Why Was There No British Revolution in Europe's 'Ageof Revolutions'?
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Julia Slay Revolutionary Europe: Essay 3 Why Was There No British Revolution in Europe's 'Age of Revolutions'? Revolution: n. overthrow of a government by the governed. Great change; complete rotation. From the dawn of the French Revolution to the mid 19th Century, much of Europe was characterised by political upheaval, social dislocation, economic recession and huge demographic change. Britain retained an isolation from such events, taking the course of fast industrialisation, mass urbanisation, and demands for the reform of parliament; despite the revolutionary backdrop in Europe Britain managed to escape the phenomena and its government remained intact throughout our period. It experienced no such 'revolution', that is, in the strictest sense of the word. It did however witness widespread rioting and rebellion such as that at Peterloo, and calls for a political overhaul of parliament. It is thus that we enter into the controversial historical debate over Britain in our epoch. While many contemporaries felt they were in the midst of a revolutionary situation, for example, Place, who states that '[w]e were within a moment of general rebellion'1 some historians, such as Christie, suggest that there was nothing of revolutionary potential or even significance in Britain, thus, nothing to avoid. The crux of the argument regards the very definition of a 'revolution', as it would be impossible to refute that Britain emerged from this period unchanged with regard to the nature of politics, social relationships and structures.
Hence, debate continues over whether or not the Chartists would even constitute the term of a political movement, let alone one which posed a serious revolutionary threat. Although their actions did indicate * example* a political tone - were any attempts made to gain power. As Rude has noted, 'there was no revolution because nobody of importance wanted one'5 , a quote which clearly illustrates the influence of class on the development and implementation of revolution. The nature of radical British movements, such as Chartism and the middle class demands for reform in the 1830's, must be examined in order to illustrate why there was no revolution in Britain while they simultaneously swept over the continent. Overwhelmingly, it is the internal weaknesses and shortcomings of individual groups as much as repressive government policies that rendered mass political activity a failure, a view supported by historians such as Holt and Thomis. Radical movements throughout our epoch stemmed largely from the economic conditions of industrialisation, such as the newly formed trade unions and the anti Corn Law riots which, as examined, produced a new set of class structures and relationships. Fundamentally, popular protest in Britain found itself in a minority position that lacked the mass support of a population which was overwhelmingly apolitical and apathetic. In order for a revolution to occur and be sustained, it must have widespread support which proved impossible in Britain due to the highly localised nature of much rebellion.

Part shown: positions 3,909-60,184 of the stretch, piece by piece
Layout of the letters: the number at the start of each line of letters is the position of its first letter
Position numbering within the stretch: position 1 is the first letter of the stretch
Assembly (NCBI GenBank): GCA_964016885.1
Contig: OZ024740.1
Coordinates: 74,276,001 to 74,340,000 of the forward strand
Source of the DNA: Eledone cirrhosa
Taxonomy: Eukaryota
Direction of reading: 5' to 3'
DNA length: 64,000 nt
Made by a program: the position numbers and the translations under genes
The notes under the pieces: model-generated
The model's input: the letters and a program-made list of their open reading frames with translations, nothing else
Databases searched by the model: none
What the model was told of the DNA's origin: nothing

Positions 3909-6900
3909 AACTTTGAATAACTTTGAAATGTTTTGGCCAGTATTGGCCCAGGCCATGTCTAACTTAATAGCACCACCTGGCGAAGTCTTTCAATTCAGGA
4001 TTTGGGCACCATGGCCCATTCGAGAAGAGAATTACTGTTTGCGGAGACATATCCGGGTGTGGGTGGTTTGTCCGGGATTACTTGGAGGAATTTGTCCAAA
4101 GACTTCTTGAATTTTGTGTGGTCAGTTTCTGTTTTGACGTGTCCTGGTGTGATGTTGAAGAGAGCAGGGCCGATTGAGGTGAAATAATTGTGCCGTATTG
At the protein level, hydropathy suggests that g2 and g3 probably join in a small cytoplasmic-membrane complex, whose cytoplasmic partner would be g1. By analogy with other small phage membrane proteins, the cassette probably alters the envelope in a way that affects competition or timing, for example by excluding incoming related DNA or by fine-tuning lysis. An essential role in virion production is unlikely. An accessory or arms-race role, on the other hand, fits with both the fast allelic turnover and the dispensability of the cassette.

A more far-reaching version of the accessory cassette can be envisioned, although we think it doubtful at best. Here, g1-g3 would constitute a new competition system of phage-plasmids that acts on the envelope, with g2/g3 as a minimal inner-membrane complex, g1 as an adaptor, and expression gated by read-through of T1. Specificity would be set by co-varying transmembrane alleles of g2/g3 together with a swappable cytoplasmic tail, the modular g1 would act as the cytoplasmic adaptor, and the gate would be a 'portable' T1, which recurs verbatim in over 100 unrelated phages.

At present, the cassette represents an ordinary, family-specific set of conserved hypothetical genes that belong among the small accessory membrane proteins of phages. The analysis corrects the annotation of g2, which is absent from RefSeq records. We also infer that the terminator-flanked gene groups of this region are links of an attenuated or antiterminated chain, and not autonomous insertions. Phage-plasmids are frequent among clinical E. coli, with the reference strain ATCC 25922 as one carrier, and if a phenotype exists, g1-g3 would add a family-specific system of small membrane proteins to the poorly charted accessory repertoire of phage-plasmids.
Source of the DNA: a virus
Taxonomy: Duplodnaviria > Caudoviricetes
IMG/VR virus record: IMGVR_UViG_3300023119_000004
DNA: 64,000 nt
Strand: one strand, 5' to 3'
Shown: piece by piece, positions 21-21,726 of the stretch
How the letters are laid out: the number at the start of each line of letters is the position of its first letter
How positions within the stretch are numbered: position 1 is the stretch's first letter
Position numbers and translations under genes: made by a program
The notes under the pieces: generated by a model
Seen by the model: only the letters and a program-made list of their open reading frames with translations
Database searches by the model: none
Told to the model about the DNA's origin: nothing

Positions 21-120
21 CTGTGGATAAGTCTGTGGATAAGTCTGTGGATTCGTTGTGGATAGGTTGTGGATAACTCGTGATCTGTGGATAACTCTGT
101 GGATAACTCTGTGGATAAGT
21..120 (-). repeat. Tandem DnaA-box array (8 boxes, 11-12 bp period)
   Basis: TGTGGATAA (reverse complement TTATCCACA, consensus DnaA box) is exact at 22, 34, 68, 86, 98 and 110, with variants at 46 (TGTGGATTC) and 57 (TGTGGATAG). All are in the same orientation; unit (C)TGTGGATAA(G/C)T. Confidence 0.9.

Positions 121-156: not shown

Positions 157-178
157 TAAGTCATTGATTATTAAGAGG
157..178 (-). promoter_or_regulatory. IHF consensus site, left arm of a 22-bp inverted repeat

Revolutionary groups, societies and individuals posed a very real threat to Britain's stability during 'the age of revolution'. The Chartists in particular fused social and economic concerns with political demands, a threat embodied in the Newport uprising, while the middle classes pioneered for moderate reform continuously during these years. However, as Hobsbawn notes 'without profound social and cultural discontents, ready to emerge at a relatively slight impetus, there can be no major social revolutions'12 and it is certain that Britain in this period, did not have widespread and sustained discontent. Pockets of economic recession provoked insurrections which may have been interpreted by contemporaries as revolutionary and thus provoked a strong reaction by the government, but they lacked the arms, leadership, organisation and political ideology necessary to rebel. What was ostensibly revolutionary, such as Luddite activity, was only so due to an image of violence threatening to emulate the revolutions breaking regimes across the continent. Insurrections in the navy, and among industrial workers did show a potential for challenging British stability, yet Britain's path was one of reform - the primary reason behind its avoidance of revolution. As Rude accurately states, 'Revolutionary change granted by a government of its free will is not a revolution'13. Thus the changes which occurred throughout the period 1789-1848 do not literally count as revolutions because they do not involve an established power being overthrown, yet Britain did still experience an enormous transformation in society, politics and the economy throughout 'the age of revolution'.
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